When Frank’s closed, I thought I would have to pay “full retail” again, or end up ordering all my seeds. But last year, Menards had seeds out in early January – Burpee Seeds – and marked them down 33%. (Good enough! I’m planning to head over there this Saturday to see if the seeds are in!)
Once I finish shopping at the “bricks and mortar” stores, I turn to the seed catalogs to fill in the gaps.
I try to order from one seed catalog to save on shipping, although I’ll admit that shipping is generally not a big percentage of my overall yearly seed expense. For the past several years, that one catalog has been Park Seed Co. They won me over a few years ago because they had seeds for Viola mandshurica ‘Fuji Dawn’, a variegated leaf woodland violet. I had read about these violets in a British gardening magazine and decided that I had to have them, even if it meant ordering the seeds from a British seed company and personally paying for the actual ship that would bring them across the ocean to me. But lo and behold, my Internet search led me to Park Seed. They had them! So, I ordered two packets, and have tried to order something from them every year since.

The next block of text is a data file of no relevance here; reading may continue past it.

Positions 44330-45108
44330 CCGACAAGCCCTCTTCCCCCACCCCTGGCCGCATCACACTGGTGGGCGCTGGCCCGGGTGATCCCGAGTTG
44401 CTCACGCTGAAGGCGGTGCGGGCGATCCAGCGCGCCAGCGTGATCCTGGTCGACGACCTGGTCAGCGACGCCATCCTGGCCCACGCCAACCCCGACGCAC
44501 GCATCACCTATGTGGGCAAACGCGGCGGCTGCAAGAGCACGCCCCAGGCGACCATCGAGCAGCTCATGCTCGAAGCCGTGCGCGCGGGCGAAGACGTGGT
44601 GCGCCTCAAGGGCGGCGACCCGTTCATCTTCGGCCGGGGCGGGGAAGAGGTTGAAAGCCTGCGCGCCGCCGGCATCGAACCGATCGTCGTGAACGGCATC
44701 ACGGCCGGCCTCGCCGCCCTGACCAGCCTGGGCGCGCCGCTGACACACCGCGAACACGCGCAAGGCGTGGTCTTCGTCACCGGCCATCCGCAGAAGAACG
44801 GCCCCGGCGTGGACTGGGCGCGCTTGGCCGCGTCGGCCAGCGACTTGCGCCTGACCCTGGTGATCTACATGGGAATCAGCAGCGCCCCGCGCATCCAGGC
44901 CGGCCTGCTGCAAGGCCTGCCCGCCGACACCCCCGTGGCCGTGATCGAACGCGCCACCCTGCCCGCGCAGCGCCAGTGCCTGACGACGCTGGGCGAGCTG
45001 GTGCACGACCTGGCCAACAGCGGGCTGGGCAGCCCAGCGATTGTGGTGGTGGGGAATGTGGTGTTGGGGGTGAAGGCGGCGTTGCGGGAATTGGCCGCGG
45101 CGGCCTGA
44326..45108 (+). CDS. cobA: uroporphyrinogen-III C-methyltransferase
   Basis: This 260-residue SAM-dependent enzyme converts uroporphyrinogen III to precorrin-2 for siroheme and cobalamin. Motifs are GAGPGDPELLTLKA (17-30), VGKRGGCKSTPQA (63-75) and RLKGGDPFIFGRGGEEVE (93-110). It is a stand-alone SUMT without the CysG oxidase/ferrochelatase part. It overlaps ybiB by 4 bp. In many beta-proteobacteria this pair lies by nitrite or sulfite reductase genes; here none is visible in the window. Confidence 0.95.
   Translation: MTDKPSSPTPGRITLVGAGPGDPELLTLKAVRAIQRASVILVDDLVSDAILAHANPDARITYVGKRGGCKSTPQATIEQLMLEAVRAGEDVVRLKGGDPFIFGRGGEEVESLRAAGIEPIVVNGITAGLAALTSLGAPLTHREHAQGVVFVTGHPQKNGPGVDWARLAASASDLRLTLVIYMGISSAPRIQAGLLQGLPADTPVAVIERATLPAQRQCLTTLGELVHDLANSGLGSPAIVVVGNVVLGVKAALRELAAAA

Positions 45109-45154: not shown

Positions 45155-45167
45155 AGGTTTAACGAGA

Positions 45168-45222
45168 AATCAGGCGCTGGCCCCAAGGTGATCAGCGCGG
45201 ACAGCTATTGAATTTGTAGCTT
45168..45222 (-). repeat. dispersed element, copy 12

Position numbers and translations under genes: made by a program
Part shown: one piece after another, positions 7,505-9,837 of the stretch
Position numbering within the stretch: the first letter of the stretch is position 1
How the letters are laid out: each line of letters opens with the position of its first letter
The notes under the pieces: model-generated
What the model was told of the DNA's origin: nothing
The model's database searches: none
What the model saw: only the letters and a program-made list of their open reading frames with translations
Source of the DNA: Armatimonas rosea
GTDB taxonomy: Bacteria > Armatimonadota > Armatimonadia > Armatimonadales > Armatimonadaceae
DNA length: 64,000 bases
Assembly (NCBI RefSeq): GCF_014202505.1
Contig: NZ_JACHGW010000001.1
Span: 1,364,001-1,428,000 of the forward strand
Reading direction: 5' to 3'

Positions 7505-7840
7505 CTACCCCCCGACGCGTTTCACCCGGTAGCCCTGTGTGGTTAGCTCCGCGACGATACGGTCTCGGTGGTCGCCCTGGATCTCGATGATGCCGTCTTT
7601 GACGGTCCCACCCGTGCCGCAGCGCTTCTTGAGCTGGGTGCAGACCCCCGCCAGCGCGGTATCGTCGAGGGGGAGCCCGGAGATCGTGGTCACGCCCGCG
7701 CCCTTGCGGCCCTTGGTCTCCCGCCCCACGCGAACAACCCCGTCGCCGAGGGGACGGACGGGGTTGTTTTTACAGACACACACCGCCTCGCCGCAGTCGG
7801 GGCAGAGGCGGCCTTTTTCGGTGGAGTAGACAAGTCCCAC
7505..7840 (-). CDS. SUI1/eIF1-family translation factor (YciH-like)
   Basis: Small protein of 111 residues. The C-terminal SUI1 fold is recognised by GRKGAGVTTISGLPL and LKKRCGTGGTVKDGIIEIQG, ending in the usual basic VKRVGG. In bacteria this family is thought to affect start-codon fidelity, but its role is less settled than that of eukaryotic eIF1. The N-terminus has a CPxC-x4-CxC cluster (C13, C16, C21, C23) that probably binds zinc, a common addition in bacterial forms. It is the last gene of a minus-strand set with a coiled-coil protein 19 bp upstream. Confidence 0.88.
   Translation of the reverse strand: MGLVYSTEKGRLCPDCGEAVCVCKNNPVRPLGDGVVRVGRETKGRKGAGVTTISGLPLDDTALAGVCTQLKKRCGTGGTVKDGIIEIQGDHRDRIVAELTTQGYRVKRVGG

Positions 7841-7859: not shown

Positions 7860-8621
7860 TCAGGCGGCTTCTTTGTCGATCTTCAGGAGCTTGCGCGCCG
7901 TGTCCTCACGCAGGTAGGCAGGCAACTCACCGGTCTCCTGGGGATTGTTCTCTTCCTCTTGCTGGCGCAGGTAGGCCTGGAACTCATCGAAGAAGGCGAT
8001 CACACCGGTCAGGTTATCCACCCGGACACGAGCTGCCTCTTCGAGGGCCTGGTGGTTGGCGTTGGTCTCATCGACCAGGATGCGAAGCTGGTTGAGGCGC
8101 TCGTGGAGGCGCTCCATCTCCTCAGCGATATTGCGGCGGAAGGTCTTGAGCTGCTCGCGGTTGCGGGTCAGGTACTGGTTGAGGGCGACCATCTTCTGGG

Ironically, when I just now searched the Park Seed web site for these seeds, they seem to no longer have them. So I included a link above to Summer Hill Seeds, the 1st site that came up in my search.